Index transfers are artifacts on tape pulled from cassettes used in the Modified Boombox.
Epoxy (Pilgrim Talk, 2013) includes two arrangements captured solely from the perspective of the Modified Boombox.
The first two of three movements of Copse (2010) focused on the creation and designation of spaces as distributed across a set of installation speakers. Their arrangement for 7” record The Pleasance & The Purchase (Senufo Editions, 2012) presents a fixed perspective. The listener is repositioned as a point existing within a stereo projection that they share responsibility for creating (the listener turns the recording on, sets the volume, places the speakers, selects a point from which to listen, etc.) Fixed and flattened, The Pleasance & The Purchase invites a private question of where a listener finds their footing.
It may be incidental, conjected, manufactured (ideally observed), undifferentiated, captured, reproduced but not repeated.
Developments for the amplification of Coppice’s music occurred in two compositions for bellows and electronic processes, (The Flavor of Missing) Mortar (2011) and Snow (2011). These compositions extended the interactions between bellows and electronics to include those between the amplifying loudspeakers and the acoustic identity of the performance spaces.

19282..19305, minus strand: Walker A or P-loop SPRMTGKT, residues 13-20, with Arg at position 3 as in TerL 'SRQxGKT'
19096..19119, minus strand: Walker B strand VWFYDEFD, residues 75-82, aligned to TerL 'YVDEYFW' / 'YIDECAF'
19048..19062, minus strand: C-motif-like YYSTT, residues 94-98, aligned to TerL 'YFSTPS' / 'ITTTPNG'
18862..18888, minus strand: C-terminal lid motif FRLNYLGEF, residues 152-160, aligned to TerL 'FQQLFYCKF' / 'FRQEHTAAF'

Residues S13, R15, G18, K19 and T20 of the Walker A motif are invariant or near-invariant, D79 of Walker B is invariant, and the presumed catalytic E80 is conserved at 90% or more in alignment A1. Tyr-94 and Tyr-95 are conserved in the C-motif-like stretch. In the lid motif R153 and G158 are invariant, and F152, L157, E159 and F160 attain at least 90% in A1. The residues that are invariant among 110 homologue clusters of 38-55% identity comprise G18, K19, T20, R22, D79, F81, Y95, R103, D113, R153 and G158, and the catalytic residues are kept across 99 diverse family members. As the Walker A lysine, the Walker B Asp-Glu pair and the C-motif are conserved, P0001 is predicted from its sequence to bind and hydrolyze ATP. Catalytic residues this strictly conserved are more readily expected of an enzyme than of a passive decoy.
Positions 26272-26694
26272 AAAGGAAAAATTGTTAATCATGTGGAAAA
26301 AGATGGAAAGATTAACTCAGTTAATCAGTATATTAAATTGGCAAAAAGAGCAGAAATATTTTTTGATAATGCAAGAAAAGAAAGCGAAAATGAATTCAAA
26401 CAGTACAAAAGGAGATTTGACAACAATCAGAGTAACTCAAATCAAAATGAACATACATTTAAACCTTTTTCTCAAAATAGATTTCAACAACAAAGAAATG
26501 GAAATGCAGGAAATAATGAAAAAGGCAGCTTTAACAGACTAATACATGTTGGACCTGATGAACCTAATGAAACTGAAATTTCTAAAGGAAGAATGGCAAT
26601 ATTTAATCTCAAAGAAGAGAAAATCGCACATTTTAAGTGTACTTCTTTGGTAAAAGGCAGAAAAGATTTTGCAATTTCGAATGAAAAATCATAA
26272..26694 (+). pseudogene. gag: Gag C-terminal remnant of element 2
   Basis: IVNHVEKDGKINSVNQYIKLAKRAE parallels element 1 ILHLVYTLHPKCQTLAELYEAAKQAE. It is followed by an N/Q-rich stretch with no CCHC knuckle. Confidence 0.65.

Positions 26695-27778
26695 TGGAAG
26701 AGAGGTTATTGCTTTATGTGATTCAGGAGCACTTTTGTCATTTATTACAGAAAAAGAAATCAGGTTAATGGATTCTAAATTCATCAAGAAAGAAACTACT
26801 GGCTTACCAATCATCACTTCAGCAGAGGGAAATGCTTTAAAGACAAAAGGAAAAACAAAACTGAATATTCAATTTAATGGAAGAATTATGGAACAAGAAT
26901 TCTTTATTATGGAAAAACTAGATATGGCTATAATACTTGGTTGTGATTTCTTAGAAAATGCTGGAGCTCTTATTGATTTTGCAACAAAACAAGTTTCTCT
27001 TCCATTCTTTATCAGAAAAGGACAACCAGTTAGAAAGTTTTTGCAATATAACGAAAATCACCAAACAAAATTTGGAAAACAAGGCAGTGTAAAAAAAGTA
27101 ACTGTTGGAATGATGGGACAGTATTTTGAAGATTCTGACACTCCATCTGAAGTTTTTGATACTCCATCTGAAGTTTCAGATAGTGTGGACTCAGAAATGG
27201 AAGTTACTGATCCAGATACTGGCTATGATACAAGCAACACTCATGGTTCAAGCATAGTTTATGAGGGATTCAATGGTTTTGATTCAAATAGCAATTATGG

Live recordings of these compositions are found as “perspectival documents” that fold-in multiple recording perspectives in Spans: Three Perspectival Accounts (Rhizome.s, 2015)
Coppice’s live repertoire for amplified prepared pump organ and tape processes between 2012–2014 consisted of staged stereo recitals of Seam (2010/2012), While Like Teem or Bloom Comes (Tipping) (2012), Compound Form (2012), Snuck Keel (2013), Impulses for Elaborated Turbulence (Excised) (2013), Sop (2013), and Bypass (2014).
An unaltered live recording of Compound Form is found on Compound Form (Triple Bath, 2013), and studio versions of the other compositions are found on Cores/Eruct (Category of manifestation:, 2015) and Big Wad Excisions (Quakebasket Records, 2013).